Traveling to a foreign land can be exciting, but it also requires you to be more vigilant in preparing for emergencies, in case you or a family member gets sick.
The first steps are pretty straightforward:
1) Prepare for flare-ups of health problems you most commonly have by meeting with your own doctor. Get prescriptions filled for conditions you have or have had in the past, and for which you are at risk of having a recurrence. This way you don’t have to hunt for those medications in a foreign place.
2) Make sure you have written a list of your regular medications, allergies, pre-existing conditions and your blood type if you know it. Keep the list in your wallet.
3) Make up a first-aid travel kit with other items you know you might need, such as mole skin for blisters, antacids for stomach upset, and loperamide for diarrhea. Don’t forget decongestants, antihistamines, throat lozenges and acetaminophen or NSAIDs.
4) Before you travel, check with the CDC site to determine what shots you need, and what other illnesses are common where you are going.
5) At the government site Doctors/Hospitals Abroad you'll also find the U.S. Embassy or Consulate phone numbers for each country. You can contact them for a list of local doctors and medical facilities in the country you're visiting.
6) Check to see what your health insurance plan covers, in case you need to see a doctor or dentist while out of the country and whether you need to call them before receiving treatment.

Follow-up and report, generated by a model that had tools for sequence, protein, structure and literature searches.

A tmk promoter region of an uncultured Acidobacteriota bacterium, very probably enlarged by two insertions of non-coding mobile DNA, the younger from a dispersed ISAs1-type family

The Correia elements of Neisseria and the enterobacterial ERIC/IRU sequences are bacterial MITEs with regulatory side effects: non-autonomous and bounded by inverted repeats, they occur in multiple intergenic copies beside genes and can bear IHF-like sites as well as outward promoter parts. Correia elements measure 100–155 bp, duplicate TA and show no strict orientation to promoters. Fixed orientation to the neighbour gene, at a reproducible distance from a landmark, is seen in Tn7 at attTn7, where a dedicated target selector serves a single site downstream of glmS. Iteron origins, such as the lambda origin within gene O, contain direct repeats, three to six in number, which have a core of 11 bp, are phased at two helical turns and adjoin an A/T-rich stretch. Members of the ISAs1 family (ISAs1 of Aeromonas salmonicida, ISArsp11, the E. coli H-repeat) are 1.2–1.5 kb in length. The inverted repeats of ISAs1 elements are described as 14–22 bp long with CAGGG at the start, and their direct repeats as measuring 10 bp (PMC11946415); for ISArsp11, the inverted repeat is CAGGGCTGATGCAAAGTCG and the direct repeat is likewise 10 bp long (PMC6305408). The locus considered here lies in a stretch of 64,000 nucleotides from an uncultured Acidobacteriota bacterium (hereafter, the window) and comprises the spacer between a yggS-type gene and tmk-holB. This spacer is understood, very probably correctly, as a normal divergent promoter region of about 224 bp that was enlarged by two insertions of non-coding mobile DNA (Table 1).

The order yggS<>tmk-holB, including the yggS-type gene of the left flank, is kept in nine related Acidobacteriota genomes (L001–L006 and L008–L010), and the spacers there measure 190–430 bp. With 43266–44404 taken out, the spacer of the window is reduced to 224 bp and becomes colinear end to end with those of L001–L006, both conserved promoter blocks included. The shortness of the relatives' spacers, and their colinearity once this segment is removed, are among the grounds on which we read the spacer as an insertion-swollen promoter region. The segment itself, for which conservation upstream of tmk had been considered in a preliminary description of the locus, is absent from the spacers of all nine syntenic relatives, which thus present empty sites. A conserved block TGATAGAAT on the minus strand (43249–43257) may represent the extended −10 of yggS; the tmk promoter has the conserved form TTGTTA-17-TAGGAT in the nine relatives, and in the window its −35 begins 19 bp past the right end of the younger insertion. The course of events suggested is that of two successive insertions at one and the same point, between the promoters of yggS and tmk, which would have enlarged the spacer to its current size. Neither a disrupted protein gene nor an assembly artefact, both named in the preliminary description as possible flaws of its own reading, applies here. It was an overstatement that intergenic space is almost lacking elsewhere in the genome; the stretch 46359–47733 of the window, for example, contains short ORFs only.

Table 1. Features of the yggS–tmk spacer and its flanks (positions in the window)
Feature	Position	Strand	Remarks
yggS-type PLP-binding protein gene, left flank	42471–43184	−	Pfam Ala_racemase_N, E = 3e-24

7) Purchasing trip cancellation insurance is always a good idea. Many of those plans also have medical coverage and urgent transport coverage if you need to be brought back for a serious condition.
Shop around to see different plans, costs and rating of the travel insurance companies to make a good choice. Online sites such as InsureMyTrip and TripInsuranceStore.com can show you the costs and ratings of a variety of companies and their plans.
So now that you have the basics covered, how do you figure out who and where to go to if you are sick in a foreign country?
8) Go back to Doctors/Hospitals Abroad to help you find medical care in the country you're traveling to.
Some larger hotels may have a list of English-speaking medical referrals. Inquire as to whether they have lists of doctors and dentists when you check in.
9) The International Society of Travel Medicine also has a link where you can look up doctors, by country and specialty.
Other things to be aware of to prevent having a medical issue:
- Be careful about the food you eat and what you drink. Make sure to eat eggs and meats that are fully cooked, and stick with fruits you can peel. Nuts are safe, food buffets that serve cold meats or foods with mayonnaise are not.
- Make sure you wash your hands using “safe” water and brush your teeth with “safe” water out of a bottle, boiled, or treated with iodine tablets.
- Bring DEET to protect yourself against mosquito-born infections, and remember to use your sunscreen.
Travel Smart With These Medical Must-Haves. Everyday Health. Retrieved July 26, 2015.
Traveler's Guide to Avoiding Infectious Diseases. Retrieved July 26, 2015.
Michele is an R.N. freelance writer with a special interest in woman’s healthcare and quality of care issues.
Edited by Jody Smith
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